Tuesday, October 30, 2012

Table As Beauty

This is the second post in a series on table fellowship.

Beauty is defined as a pleasing quality associated with harmony, excellence of craftsmanship, a quality that is most effective or gratifying. The table can be characterized by each of these things.

Gathering around a table with friends or family promotes harmony, as food is passed around, stories are shared, and social skills are learned and sharpened. It is at table that real communication happens, and it is there that people get to know each other. Folks who gather around a table on a regular basis tend to be more accepting of each other, and more gracious. One of the ways Jesus showed his identification with the least of these was joining them for meals.

One of the joys of life is sitting down at a table that has been carefully prepared with lovingly crafted dishes. Whether the food is gourmet or "country style," served on fine china or paper plates, the craftsmanship of a well put-together meal is evident. If it's a large banquet, a family meal, or a group of friends at a barbecue, a meal is a thing of beauty if it is done with care and creativity.

Table fellowship can be very effective and immensely gratifying. Breaking bread together was one of the more important aspects of the life of the early church. Gathering at meals was so important that one of the things involved in church discipline was exclusion from the table. In my own experience, the times I have been challenged the most, the times I have felt loved and accepted the most, have been times when I have studied Scripture or just hung out with folks with whom I have just shared a meal, a cup of coffee, or a pint. Those are the times that have been most effective and gratifying in my journey.

It's been said that beauty is in the eye of the beholder. That may be true, but I know that when I am gathering with friends or family around a table, I am in the midst of beauty.

Table As Goodness

Saturday, October 27, 2012

Weekend Wanderings

It's been a while since I've done a weekend links post. The last couple of weekends were crazy busy, but things have settled down a bit. Here in the sunny South we missed the worst of Hurricane Sandy, but we are praying for the folks further north who are expecting to have a rough time the next few days. I wonder if any of the states have alternative ways of voting on Nov. 6, in case the power is still out due to the storms. Hopefully it won't be as bad as that.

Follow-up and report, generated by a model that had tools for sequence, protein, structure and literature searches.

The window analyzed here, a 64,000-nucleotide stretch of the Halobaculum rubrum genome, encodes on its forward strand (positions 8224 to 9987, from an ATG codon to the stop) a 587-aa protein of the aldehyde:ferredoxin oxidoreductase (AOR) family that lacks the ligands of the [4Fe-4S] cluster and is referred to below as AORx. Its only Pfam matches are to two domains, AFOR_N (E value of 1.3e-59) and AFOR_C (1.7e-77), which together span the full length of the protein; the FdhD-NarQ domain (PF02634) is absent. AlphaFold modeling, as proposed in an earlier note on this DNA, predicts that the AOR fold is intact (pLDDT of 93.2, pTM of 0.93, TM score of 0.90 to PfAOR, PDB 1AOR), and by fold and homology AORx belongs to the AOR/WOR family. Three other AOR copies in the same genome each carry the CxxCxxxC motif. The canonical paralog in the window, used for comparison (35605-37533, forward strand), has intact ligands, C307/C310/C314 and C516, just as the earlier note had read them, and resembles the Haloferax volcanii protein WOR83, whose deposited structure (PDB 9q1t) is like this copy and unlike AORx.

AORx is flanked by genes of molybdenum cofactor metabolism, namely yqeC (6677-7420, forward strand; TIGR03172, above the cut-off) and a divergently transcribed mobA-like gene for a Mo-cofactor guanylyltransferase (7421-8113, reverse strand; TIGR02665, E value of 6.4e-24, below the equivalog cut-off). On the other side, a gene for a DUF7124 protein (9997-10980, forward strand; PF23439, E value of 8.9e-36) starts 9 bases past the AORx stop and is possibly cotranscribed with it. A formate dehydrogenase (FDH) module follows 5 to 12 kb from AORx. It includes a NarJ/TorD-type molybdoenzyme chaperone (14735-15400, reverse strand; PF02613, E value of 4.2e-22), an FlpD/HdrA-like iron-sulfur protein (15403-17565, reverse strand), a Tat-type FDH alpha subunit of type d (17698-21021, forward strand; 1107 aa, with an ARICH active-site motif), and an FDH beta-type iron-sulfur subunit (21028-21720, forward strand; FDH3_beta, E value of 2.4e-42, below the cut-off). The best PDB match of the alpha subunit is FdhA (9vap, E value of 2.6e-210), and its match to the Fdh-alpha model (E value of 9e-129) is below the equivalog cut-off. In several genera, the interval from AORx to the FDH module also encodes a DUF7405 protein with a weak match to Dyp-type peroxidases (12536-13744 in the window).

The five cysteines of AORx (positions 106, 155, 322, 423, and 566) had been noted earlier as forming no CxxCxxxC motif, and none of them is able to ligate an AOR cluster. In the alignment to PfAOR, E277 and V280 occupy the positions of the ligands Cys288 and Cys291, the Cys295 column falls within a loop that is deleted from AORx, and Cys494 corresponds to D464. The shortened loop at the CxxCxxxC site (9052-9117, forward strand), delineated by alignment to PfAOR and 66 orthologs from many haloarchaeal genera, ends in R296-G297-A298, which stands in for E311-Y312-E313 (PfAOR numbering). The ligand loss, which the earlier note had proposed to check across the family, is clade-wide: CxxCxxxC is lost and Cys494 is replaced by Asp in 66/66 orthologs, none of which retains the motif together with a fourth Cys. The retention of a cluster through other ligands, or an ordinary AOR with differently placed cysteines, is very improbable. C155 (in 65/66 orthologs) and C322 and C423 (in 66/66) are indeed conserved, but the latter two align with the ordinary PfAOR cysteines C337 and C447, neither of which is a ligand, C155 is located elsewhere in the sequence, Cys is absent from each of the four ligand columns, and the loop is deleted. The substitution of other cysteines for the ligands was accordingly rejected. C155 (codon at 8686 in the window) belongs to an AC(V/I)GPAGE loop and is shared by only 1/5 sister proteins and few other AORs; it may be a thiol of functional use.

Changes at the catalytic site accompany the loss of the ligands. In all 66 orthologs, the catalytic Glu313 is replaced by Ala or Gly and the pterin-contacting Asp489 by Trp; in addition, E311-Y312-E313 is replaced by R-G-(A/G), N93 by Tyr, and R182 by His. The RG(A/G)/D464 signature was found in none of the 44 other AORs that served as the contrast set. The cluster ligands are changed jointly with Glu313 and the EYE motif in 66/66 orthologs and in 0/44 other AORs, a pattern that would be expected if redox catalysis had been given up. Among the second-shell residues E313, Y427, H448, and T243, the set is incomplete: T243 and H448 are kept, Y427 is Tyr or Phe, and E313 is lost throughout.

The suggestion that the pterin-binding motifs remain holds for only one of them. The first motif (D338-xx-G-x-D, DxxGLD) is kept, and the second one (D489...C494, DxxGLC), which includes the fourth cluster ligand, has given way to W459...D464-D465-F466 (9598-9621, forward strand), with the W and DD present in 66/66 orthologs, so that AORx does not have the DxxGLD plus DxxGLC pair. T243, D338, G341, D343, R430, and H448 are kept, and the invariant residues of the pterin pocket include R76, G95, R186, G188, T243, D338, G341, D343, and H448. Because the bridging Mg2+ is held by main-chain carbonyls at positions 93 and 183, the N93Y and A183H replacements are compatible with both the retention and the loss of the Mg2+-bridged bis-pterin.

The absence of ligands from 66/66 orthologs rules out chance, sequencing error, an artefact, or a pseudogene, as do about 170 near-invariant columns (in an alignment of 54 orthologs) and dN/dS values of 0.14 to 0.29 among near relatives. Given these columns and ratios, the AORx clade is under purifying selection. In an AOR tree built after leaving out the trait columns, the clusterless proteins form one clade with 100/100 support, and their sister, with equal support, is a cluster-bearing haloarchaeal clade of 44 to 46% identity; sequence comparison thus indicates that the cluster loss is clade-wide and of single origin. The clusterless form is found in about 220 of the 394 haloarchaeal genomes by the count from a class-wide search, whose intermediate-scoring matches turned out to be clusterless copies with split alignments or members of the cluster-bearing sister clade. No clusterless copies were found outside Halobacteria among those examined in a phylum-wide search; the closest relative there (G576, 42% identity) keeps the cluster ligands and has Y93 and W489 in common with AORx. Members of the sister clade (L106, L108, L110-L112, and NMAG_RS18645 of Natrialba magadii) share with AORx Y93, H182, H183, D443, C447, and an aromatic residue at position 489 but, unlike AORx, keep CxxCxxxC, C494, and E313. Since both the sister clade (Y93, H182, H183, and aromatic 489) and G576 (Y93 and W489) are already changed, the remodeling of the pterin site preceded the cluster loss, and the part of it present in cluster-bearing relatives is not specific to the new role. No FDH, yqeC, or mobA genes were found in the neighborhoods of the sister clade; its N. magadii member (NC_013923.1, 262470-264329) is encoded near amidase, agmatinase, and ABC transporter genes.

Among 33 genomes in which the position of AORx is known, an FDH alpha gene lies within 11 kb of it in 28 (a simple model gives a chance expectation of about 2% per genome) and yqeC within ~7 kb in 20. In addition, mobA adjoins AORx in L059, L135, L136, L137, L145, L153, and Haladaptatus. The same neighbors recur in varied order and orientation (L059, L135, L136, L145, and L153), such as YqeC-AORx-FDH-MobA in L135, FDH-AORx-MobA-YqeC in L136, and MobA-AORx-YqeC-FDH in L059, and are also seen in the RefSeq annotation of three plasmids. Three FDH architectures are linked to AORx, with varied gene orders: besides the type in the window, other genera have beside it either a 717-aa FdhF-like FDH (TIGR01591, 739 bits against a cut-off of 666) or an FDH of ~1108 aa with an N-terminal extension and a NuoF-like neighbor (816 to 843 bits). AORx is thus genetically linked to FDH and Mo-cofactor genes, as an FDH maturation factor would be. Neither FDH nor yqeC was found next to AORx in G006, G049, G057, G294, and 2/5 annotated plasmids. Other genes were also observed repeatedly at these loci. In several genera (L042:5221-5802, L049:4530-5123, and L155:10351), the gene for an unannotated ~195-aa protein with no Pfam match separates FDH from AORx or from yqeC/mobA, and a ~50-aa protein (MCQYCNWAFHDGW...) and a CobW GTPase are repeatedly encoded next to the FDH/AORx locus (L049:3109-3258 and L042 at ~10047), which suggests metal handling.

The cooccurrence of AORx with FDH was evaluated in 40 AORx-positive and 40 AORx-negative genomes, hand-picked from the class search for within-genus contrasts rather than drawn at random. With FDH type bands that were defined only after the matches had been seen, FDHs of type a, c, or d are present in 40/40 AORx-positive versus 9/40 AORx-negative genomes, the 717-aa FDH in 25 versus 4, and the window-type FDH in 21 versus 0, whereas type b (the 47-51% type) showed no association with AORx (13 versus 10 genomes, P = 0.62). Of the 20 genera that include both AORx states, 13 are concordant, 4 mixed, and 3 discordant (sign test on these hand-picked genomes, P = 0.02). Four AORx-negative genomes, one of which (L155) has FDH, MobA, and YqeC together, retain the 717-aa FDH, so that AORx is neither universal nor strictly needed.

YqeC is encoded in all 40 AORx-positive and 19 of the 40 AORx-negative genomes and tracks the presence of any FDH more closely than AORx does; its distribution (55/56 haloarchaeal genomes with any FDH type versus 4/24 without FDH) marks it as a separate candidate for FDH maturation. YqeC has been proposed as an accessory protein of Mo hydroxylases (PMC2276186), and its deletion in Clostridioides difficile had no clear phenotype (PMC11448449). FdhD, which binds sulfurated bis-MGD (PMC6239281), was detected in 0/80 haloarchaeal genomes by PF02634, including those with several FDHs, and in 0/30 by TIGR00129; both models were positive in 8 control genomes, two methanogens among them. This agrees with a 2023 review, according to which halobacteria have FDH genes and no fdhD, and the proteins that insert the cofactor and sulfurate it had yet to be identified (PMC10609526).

On to the links:

Becoming sauce.
Pastor Romney?
Already but not yet.
The unmentionable one anothers.
After pietism.

Jesus loves even Chaplain Mike.
Have you heard about this?
Some good posts on this synchroblog.
Keith Giles has a series on leadership. Part 1 is here.
Len reviews The Art of Neighboring.

How not to interpret the Bible.
To be in Christ.
The pastor and politics.
On being wrong.

J.R. Miller has a series on elders. Part 1 is here.
Alan Knox has a series on the "body of Christ" metaphor. Part 1 is here.
Eric Carpenter lives in the tradition belt.
Frank Viola on half-answered prayers.
If you're a leader in a church, please don't buy this (HT: iMonk).

Beautiful (HT: Scot McKnight).
It's time to party.
Sacred times and places.
Caption this.
Get small.

Enjoy the rest of your weekend and have a blessed week.

Wednesday, October 24, 2012

World Vision Wednesday

October 16 was World Food Day. Check this page out to see how World Vision is helping to combat child hunger and malnutrition, and how you can help.

Tuesday, October 23, 2012

Table As Goodness

In our fellowship, three of the things we emphasize are goodness, beauty, and truth. In this series, I want to look at table fellowship using these three ideas. This first post will focus on the table as goodness.

In the beginning chapters of Genesis, the statement was made that it was not good for Adam to be alone. Yes, he had fellowship with his Creator, but there was something missing. God brought Eve to Adam. They were put together for fellowship, for sharing life, and for caring for creation together.

All through Scripture, the theme of the goodness of fellowship is continued. The Hebrew word hesed carries the idea of both kindness and goodness, and many times is used in the context of relationships. Many times this fellowship is around the table. Hospitality was an important part of the Israelites' faith. When God delivered them from bondage in Egypt, he began their journey with a meal. In Deuteronomy 14:22-26, the people were told to take the tithe of their crops for the year and have a family feast at the Tabernacle. If they lived too far away, they were to exchange the tithe for silver and spend it on the makings of a feast at a closer location.